20th Mar 2018 6:30pm-8:00pm
Edward Street Lecture Theatre
In this talk, I explore the question of whiteness within International Relations (IR) Theory, through an analysis of three seminal disciplinary texts. These texts are Kenneth Waltz’s Theory of International Politics, Robert Keohane’s After Hegemony, and Alexander Wendt’s Social Theory of International Politics. We will begin by exploring the scholarship on whiteness, which understands it as a set of naturalised hierarchical epistemic and material entitlements, which produce particular kinds of subject-positions in the world. Specifically, I explore these subject positions as expressing the interlocking of epistemologies of ignorance (Mills), innocence (Wekker) and immanence (Bhambra). The analysis of this paper explores how white subject-positions permeate the core of influential contemporary IR theories and argues that the common sense they produce is foundational for their central analytic claims, such as those regarding sovereignty, security, co-operation and norms.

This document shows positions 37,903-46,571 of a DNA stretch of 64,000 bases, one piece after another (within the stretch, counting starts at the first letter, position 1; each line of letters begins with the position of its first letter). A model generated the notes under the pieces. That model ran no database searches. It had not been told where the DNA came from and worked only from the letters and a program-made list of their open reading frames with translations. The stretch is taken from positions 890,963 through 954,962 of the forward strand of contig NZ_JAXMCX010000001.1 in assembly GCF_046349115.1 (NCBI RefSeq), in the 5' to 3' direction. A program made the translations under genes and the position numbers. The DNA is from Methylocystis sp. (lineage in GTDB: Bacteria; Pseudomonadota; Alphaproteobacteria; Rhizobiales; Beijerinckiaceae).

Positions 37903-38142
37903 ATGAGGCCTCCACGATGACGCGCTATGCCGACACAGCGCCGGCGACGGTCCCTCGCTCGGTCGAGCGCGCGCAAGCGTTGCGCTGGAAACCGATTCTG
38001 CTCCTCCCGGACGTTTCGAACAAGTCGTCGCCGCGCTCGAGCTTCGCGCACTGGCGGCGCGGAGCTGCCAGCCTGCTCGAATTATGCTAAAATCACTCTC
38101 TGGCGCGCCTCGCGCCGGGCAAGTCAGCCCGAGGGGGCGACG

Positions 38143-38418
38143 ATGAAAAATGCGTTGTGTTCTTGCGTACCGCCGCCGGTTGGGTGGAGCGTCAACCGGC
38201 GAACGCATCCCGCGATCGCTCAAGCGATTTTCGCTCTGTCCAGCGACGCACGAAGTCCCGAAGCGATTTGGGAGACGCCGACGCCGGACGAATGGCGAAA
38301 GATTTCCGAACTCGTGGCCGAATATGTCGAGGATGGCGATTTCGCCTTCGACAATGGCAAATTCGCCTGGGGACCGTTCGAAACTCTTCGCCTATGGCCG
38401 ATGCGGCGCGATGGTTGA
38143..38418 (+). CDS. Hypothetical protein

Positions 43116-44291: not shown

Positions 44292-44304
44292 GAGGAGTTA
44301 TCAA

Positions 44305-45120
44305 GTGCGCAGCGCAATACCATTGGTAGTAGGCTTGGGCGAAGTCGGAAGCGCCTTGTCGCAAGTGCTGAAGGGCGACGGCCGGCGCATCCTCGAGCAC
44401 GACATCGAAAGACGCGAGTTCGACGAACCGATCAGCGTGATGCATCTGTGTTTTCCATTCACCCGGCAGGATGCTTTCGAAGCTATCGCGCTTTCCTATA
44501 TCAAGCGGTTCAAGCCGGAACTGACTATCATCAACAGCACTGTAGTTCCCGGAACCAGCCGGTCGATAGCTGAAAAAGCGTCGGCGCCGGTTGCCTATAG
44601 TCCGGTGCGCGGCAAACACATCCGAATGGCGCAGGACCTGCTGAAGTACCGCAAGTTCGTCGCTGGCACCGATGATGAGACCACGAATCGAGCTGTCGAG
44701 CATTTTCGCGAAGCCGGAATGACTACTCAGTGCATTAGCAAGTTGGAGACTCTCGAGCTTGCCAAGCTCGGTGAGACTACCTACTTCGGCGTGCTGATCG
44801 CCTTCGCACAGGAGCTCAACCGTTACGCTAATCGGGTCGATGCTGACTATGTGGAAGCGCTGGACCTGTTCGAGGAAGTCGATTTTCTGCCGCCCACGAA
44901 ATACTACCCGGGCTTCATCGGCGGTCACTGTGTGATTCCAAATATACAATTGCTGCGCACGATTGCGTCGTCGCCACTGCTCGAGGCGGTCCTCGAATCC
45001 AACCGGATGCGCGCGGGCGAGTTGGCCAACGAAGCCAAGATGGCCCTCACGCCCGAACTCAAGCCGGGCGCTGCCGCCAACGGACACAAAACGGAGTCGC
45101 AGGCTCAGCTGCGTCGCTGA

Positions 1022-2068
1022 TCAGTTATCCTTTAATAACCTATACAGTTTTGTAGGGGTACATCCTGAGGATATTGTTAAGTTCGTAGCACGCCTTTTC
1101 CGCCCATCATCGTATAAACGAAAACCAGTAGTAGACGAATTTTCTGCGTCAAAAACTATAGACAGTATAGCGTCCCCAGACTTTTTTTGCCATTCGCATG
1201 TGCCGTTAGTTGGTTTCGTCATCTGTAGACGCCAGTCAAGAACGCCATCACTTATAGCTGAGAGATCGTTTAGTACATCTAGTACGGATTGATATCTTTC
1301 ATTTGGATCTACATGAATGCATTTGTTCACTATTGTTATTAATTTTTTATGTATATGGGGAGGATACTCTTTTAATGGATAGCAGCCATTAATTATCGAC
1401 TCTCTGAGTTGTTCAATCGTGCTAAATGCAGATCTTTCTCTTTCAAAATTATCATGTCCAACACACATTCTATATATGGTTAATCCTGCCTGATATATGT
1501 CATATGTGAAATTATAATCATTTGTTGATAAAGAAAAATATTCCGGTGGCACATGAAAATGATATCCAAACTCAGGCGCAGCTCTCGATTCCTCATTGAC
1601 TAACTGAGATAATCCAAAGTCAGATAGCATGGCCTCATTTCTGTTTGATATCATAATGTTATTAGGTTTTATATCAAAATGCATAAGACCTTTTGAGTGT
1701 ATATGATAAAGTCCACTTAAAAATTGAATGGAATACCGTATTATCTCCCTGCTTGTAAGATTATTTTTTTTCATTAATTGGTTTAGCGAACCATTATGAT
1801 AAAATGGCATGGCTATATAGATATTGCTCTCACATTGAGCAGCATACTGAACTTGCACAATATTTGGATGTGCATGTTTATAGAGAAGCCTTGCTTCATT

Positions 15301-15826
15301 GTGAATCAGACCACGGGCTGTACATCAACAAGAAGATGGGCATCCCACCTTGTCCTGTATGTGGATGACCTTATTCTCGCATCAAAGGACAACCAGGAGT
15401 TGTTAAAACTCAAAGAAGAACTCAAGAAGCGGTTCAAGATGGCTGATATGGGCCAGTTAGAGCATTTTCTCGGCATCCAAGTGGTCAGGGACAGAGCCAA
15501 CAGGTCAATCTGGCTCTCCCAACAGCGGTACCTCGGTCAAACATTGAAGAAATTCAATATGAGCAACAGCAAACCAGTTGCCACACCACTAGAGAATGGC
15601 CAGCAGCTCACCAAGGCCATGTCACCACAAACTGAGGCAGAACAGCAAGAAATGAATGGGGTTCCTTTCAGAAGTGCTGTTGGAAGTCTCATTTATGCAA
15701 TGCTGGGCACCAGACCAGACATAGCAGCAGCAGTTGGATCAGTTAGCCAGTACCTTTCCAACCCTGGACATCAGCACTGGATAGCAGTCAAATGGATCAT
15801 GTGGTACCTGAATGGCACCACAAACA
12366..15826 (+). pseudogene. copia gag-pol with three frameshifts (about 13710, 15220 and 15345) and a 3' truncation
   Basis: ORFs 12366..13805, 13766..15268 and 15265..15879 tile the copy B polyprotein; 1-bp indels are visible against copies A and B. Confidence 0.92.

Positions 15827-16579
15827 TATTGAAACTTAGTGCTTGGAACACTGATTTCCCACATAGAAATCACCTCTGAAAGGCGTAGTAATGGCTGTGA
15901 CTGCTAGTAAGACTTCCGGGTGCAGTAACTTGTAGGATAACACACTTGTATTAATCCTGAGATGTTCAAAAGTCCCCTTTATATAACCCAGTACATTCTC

Meera Sabaratnam is Lecturer in International Relations in the Department of Politics and International Studies at SOAS University of London. Her research interests are in the colonial and post-colonial dimensions of world politics, within IR theory, history and contemporary policy and practice. She is the author of Decolonising Intervention: International Statebuilding in Mozambique, and her articles on decolonising IR have appeared in Security Dialogue and Millennium: Journal of International Studies. She is the co-founder and former co-convenor of the Colonial / Postcolonial / De-colonial Working Groupof the British International Studies Association, and Chair-Elect of the Global Development Section of the International Studies Association. She is an active campaigner on questions of higher education policy. She currently chairs the SOAS Academic Senate and is a member of the Decolonising the University Working Group, and has written on questions of the use of metrics in research assessment exercises and open access policy.